As it turns out, those were many, due to potentially damaging revelations that quickly emerged. The first was that, though he claimed his marriage to Kathleen was idyllic, Michael was bisexual, and, at the time of his wife’s death, he was engaged in online chats with male prostitutes he hoped to meet for sex—something he had done in the past. To prosecutors, that demonstrated that Michael was a liar, and suggested that Kathleen might have perished after confronting Michael about his conduct (since his email correspondence with an escort was accessible on his computer on the night of her demise). Equally damaging, Michael and first wife Patty’s close friend Elizabeth Ratliff—the mother of Michael’s adopted daughters Margaret and Martha—had died at the foot of a staircase when they’d all lived in Germany in the '80s. Elizabeth’s passing had originally been deemed a natural one, caused by a brain hemorrhage. However, in light of Kathleen’s fate, it was now used to imply that Michael might be something akin to a “stairway killer.”
The question of whether either of those bombshells should be admissible in court—or are just noise meant to prejudice a jury against Michael—are central to The Staircase, which slowly transforms into something more complex and expansive than merely a suspenseful account of Michael’s innocence or guilt. Miring itself in case details (involving blood spatter, a missing fireplace poker, the absence of brain injuries, and faulty scientific experiments and DNA lab testing), de Lestrade’s miniseries proves a moment-by-moment study of the problematic criminal judicial process. The nature of plea bargains, the argumentative angles a defense attorney must take, and judges and juries’ susceptibility to misleading and/or false expert testimony is all touched on throughout the show. Whether it’s hearing Rudolf explain how he’ll argue on behalf of his client while not squandering his “reasonable doubt” advantage, or watching him dissect in court the prosecution’s hypotheses—an increasingly persuasive undertaking—de Lestrade captures the multifaceted nightmare of Michael’s circumstances with thrilling clarity.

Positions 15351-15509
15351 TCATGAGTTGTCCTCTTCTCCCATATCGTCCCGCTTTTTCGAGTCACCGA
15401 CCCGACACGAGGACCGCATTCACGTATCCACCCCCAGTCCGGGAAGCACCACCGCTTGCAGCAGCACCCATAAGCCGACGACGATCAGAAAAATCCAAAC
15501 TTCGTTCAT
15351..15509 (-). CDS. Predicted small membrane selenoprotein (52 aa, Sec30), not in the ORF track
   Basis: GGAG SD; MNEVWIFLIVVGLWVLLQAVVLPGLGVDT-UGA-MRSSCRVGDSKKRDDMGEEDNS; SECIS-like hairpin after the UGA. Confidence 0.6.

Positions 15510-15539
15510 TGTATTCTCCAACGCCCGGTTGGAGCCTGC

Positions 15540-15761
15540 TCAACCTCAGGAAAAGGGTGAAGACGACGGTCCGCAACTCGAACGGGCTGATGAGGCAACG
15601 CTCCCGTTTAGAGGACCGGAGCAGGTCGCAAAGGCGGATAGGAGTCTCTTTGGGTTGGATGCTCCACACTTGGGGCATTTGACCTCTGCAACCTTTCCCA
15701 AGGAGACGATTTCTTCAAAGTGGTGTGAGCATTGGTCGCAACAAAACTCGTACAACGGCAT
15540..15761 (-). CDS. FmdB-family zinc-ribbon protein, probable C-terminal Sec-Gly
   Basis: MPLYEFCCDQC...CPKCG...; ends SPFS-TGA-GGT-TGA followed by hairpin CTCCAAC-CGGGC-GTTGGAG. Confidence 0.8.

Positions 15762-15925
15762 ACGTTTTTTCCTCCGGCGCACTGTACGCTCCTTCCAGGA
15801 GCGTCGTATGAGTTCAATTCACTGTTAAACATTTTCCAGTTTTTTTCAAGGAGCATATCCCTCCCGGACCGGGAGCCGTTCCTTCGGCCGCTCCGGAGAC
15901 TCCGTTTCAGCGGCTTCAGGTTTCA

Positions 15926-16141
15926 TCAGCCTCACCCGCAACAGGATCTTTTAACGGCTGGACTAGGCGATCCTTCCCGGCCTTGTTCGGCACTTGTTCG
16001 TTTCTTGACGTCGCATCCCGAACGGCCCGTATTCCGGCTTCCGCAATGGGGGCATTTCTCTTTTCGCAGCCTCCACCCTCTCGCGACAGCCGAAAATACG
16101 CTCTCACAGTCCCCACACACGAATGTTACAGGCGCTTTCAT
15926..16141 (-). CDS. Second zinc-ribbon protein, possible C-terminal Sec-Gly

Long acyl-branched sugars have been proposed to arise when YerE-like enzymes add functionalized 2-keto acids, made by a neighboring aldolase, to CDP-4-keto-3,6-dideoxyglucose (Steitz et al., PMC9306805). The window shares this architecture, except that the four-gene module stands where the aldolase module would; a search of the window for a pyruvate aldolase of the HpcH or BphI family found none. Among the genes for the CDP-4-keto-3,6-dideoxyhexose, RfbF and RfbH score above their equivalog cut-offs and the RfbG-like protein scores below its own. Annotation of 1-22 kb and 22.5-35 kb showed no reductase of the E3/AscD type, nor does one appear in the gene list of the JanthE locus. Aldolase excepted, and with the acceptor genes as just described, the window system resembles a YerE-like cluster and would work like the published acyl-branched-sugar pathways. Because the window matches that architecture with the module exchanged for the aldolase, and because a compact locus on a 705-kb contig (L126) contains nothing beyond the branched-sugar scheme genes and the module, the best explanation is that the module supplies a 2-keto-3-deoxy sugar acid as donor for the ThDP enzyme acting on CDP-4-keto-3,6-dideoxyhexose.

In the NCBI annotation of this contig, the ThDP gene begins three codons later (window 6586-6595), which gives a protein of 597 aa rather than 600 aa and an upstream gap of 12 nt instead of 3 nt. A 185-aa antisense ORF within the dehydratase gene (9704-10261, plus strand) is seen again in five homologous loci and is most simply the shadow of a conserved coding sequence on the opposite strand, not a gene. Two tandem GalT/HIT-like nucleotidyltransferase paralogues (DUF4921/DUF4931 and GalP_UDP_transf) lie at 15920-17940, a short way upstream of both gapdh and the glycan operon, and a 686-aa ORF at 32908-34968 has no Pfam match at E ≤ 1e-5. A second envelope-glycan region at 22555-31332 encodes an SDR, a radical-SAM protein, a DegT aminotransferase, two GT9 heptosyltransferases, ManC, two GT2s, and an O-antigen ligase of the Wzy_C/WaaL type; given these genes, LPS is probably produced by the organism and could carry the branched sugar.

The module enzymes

Considering that de Lestrade is mostly situated with Michael and his defenders, The Staircase is invariably weighted in his favor—a situation compounded by the fact that, the longer his ordeal goes on, the more likely it seems he wasn’t responsible for Kathleen’s tragic death. And by the time it picks up with Michael in 2011 (in Chapters 9 and 10, which aired in 2013), the series has just about forsaken any serious interest in the question of his culpability. Instead, in its final five-episode stretch run, it turns into an exposé about the lengths to which the state will go to win cases even when the facts contradict their suppositions; about the difficulty of convincing courts to recognize mistakes; and about how the legal system grinds everyone (defendants, family members, district attorneys, and defense lawyers) down to a nub, such that ascertaining definitive truth becomes less important than just escaping the process itself with some semblance of freedom and sanity intact.
Far more than just a riveting mystery about whether Michael Peterson is a killer, this expanded version of The Staircase is a warts-and-all portrait of the frustrating intricacies of the American judicial system, and the myriad infuriating and exhausting ways in which it inefficiently operates. Spanning 16 years, it’s a haunting story without comforting conclusions—except that in the end, to quote the Romeo and Juliet line that Michael says is his Shakespearean favorite, “Everyone is punish’d.”